Athens, Attica, Greece, c. 132 - 131 B.C., New Style Silver Tetradrachm

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In 1961, Margaret Thompson completed her brilliant study, "The New Style Coinage of Athens." At that time, she estimated there were fewer than 8000 new style tetradrachms "above ground."

The letter on the amphora may indicate the month of production.
SH28914. Silver tetradrachm, Thompson Athens 388d var. (same obverse die; different control letters), superb EF, weight 16.912 g, maximum diameter 29.9 mm, die axis 0o, Athens mint, 132 - 131 B.C.; obverse head of Athena Parthenos right, wearing crested ornamented helmet; reverse A−ΘE ∆ΩP/OΘE NIKO/∆O ∆IOΦ, owl stands right on amphora, lion forepart right, H on amphora, ΣΦ below, all within olive wreath; far nicer than any new-style tetradrachm FORVM has handled to date; SOLD


Hadrian, 11 August 117 - 10 July 138 A.D., Roman Provincial Egypt

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The sparse references for this type do not note the strong resemblance of the reverse figure to Antinous, as found on this example. We were unable to find even a single plate example of this type from this year to determine if other examples bear the same resemblance to Antinous.

Antinous probably joined the entourage of Hadrian when it passed through Bithynia in about 124. He became Hadrian's constant companion and lover but in October 130 Antinous drowned in the Nile. Hadrian's grief knew no bounds; he enrolled him among the gods, erected a temple, and founded a city in his honor. Artists vied with each other in immortalizing his beauty. Temples and statues to his memory were erected all over the Empire, and there began a Cult of Antinous. On this coin he is depicted in the guise of Hermanubis.
SH17103. Bronze drachm, Emmett 986, year 18: cf. BMC Alexandria p. 91, 770 (year 19), Choice VF, weight 23.873 g, maximum diameter 33.5 mm, die axis 0o, Alexandria mint, regnal year 18, 133 - 134 A.D.; obverse AVT KAIC TPAIANA A∆PIANOC CEB, laureate and draped bust right; reverse bust of Antinous as Hermanubis right, diadem and modius ornamented with lotus on head, bare chest, himation on back, L - IH, palm right; very rare; SOLD


Claudius, 25 January 41 - 13 October 54 A.D., Ephesos, Ionia

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This issue celebrated their marriage and Agrippina Junior's elevation to Augusta. Julia Agrippina was a great-granddaughter of Augustus, great-niece and adoptive granddaughter of Tiberius, sister of Caligula, niece and fourth wife of Claudius, and mother of the Nero. She is described by the ancient sources as ruthless, ambitious, violent and domineering, but also beautiful and reputable. According to Pliny the Elder, she had a double right upper canine, a sign of good fortune. Many ancient historians accused Agrippina of poisoning Claudius. A soothsayer prophesied if Nero became emperor, he would kill his mother, Agrippina replied "Let him kill me, only let him rule!" Nero had her executed in 59 A.D.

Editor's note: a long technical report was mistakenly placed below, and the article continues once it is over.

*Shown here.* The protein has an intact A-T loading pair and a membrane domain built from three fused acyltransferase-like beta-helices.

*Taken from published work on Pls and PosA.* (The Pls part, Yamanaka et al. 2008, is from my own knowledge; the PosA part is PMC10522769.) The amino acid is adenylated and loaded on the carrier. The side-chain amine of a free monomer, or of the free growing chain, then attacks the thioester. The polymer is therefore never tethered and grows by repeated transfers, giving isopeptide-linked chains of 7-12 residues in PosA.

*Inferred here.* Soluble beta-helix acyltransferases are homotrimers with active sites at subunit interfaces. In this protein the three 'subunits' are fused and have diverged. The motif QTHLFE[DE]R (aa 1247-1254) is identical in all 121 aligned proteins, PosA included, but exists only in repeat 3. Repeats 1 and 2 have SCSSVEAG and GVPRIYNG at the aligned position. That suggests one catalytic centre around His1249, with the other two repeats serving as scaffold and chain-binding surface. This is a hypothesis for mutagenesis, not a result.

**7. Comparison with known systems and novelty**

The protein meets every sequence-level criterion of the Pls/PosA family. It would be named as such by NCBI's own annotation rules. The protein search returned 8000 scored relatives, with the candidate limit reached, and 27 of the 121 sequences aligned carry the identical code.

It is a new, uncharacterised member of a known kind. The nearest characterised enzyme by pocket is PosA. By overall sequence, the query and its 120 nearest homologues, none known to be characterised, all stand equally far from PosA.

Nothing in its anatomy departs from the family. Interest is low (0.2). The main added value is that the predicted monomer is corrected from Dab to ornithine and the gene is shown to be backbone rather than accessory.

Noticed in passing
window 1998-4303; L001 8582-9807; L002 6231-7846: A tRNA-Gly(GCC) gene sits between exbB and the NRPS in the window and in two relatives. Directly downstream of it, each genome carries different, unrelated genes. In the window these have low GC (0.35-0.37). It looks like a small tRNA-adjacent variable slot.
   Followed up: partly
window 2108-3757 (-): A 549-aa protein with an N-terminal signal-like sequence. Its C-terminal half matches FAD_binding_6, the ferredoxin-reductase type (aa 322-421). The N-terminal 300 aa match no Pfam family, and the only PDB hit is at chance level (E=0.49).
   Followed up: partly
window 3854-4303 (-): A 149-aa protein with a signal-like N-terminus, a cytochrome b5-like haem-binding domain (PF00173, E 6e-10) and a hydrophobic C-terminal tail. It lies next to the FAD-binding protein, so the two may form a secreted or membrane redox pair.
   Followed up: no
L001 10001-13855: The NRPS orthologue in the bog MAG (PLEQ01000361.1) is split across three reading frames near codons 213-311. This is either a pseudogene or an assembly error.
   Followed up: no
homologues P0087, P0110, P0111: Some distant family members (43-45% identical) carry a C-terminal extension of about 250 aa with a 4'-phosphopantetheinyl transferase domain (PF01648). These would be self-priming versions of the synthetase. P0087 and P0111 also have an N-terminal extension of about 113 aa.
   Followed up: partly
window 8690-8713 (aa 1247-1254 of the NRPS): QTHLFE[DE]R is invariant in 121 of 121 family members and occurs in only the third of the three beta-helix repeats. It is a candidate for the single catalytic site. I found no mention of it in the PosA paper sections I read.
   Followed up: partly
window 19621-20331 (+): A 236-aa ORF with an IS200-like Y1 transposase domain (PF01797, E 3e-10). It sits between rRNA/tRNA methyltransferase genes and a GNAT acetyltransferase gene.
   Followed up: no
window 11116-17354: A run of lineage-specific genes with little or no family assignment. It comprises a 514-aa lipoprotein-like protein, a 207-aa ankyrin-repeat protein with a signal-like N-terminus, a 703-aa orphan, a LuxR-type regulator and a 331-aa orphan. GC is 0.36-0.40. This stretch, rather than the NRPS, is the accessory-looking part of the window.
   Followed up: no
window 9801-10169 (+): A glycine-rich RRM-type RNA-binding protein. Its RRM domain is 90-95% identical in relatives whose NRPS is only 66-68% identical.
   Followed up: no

SH79841. Silver cistophorus, RPC I 2223, RIC I 117 (R), BMCRE I 234, BnF II 294, RSC II 2, SRCV I 1887, VF, excellent portraits, toned, nice surfaces, highest points flatly struck, reverse slightly off-center, weight 11.054 g, maximum diameter 25.1 mm, die axis 180o, Ephesus mint, 50 - 51 A.D.; obverse TI CLAVD CAESAR AVG P M TR P X IMP XIIX (counterclockwise), laureate head of Claudius right; reverse AGRIPPINA AVGVSTA CAESARIS AVG (counterclockwise), draped bust of Agrippina Jr. right, hair in queue at back, hair in three rows of curls above ear and long curly strand below ear; rare; SOLD


Vespasian Junior, 95 - 96 A.D., Smyrna, Ionia

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Vespasian Junior was the son of Flavius Clemens, Domitian's cousin and co-consul in 95 A.D. He was renamed Vespasian Junior when he was designated as Domitian's successor.The only coins of Vespasian Junior are this type, struck at Smyrna Ionia.
SH62518. Orichalcum AE 17, RPC II 1028, BMC Ionia 319, VF, weight 2.322 g, maximum diameter 17.3 mm, die axis 0o, Smyrna (Izmir, Turkey) mint, 95 - 96 A.D.; obverse OYECΠACIANOC NEΩTEPOC, bare-headed bust of Vespasian the Younger right; reverse ΣMYPNAIΩN, Nike walking right, wreath in right hand, palm branch over left shoulder; very rare; SOLD


Hadrian, 11 August 117 - 10 July 138 A.D.

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Bacchus was the Roman god of agriculture, wine and fertility, equivalent to the Greek god Dionysus. He carried a pinecone-topped staff, and his followers were goat-footed Satyrs and Maenads, wild women who danced energetically during his festivals. Bacchus was the child of Jupiter and Semélé, a human. Juno tricked her into asking to see Jupiter as he really was. Since she was a mortal, she was burned up by the sight of his divine form. So Jupiter sewed the infant Bacchus into his thigh, and gave birth to him nine months later. Before he took his place at Olympus, Bacchus wandered the world for many years, going as far as India to teach people how to grow vines. In myth, Dionysius was the last god to join the twelve Olympians. Hestia gave up her seat for him.
SH32539. Silver cistophoric tetradrachm, RIC II 485; Metcalf Type 101/Type 98 (unidentified mint D), Choice gVF, weight 10.161 g, maximum diameter 29.1 mm, die axis 180o, uncertain Asia Minor mint, obverse HADRIANVS AVGVSTVS P P, bare-headed bust right, drapery on left shoulder; reverse COS III, Bacchus standing facing, nude, head left, thyrsus in left hand, oenochoe in right hand over panther left at feet; SOLD




  




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Catalog current as of Monday, August 19, 2019.
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Roman Coins of Roman Provincial